by Kimberly Mann ,
Senior Vice President - Environmental Practice, Marsh
05/15/2023 · 3 minute read
Despite today’s difficult macroeconomic environment, merger and acquisition (M&A) activity remains an important component of companies’ plans for strategic growth. But transactions are under increased scrutiny, underscoring the need for both buyers and sellers — whether in the US or abroad — to understand and employ creative solutions to reduce their risks. These include identifying and addressing any environmental exposures that could impact the return on investment, and in some cases derail the transaction itself.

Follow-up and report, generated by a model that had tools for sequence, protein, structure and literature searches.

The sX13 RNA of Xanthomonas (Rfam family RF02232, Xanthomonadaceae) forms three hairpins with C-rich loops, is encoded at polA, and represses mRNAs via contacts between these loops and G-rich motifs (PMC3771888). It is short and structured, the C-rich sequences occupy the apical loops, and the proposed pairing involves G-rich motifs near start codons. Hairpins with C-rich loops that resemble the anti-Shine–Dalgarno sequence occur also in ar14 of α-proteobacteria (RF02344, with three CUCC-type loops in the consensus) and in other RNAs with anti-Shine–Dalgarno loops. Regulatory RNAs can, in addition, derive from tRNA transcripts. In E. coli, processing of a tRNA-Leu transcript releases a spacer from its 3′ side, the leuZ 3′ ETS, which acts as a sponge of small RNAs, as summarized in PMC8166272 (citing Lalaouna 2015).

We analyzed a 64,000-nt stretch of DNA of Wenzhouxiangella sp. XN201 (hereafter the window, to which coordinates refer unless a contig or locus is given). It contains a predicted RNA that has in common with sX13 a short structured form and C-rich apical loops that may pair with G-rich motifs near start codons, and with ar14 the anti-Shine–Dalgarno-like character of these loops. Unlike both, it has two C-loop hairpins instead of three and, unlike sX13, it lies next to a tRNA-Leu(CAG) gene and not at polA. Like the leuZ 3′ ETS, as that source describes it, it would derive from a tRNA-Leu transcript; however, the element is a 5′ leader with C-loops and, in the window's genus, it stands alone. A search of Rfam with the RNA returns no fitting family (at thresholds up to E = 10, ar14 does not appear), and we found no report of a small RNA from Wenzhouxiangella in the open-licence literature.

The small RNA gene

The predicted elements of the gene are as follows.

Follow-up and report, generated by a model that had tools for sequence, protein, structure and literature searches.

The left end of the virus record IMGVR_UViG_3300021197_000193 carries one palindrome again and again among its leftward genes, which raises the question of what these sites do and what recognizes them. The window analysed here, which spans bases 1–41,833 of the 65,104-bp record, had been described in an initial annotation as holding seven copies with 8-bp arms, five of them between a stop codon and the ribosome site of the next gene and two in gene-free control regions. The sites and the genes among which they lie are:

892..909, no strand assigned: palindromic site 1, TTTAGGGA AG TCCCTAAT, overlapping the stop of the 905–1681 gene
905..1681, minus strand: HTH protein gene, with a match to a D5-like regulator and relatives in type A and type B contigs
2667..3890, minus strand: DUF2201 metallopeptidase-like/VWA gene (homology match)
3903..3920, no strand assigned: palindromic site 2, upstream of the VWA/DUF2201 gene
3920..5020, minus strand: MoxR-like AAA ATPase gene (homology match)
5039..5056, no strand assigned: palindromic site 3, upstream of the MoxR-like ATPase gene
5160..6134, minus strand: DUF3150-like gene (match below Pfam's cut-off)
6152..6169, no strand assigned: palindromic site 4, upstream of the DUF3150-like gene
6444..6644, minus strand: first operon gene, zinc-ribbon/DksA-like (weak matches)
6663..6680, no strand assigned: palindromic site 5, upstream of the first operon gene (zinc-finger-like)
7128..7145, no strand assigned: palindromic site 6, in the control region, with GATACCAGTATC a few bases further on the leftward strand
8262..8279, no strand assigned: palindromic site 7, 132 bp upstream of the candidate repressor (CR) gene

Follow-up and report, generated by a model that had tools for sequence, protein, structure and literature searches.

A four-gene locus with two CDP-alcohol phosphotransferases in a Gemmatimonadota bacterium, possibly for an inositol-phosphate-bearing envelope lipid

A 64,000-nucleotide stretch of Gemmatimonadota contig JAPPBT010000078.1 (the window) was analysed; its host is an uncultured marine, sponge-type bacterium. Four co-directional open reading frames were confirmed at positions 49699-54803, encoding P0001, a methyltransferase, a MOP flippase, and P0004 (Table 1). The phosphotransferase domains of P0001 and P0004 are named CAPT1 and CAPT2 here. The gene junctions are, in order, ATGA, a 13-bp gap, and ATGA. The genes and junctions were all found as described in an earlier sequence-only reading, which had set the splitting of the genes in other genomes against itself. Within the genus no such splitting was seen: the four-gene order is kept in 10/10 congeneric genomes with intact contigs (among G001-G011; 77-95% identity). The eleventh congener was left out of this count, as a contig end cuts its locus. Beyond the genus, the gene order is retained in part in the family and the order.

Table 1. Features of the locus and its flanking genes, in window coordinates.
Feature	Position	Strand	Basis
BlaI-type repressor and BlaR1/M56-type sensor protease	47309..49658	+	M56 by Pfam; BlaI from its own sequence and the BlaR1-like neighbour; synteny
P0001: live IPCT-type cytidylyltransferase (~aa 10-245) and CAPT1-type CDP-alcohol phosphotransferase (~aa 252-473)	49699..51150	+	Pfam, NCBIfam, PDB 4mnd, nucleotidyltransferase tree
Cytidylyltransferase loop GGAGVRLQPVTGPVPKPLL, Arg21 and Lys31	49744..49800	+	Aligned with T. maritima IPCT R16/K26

Many organizations — especially those in the chemical, oil and gas, and power generation industries as well as real estate investors and developers — have become more aware of potential environmental risks inherent in a property transaction. Existing property contamination or pollution conditions, for example, can result in significant environmental liabilities, which could require costly remediation and substantial monitoring expenses. Regulatory action for natural resource and biodiversity damage may lead to hefty fines and penalties. Organizations may also face third-party liability and mass tort claims, which often bring about significant legal defense expenses.
Organizations can reduce their risks and increase the likelihood of a successful transaction by taking three steps:
Whatever the size of the transaction and irrespective of the industry, buyers and sellers will likely face environmental risks. Careful due diligence, clear indemnification clauses, and a tailored environmental risk insurance program can help you address these challenges and successfully close a deal.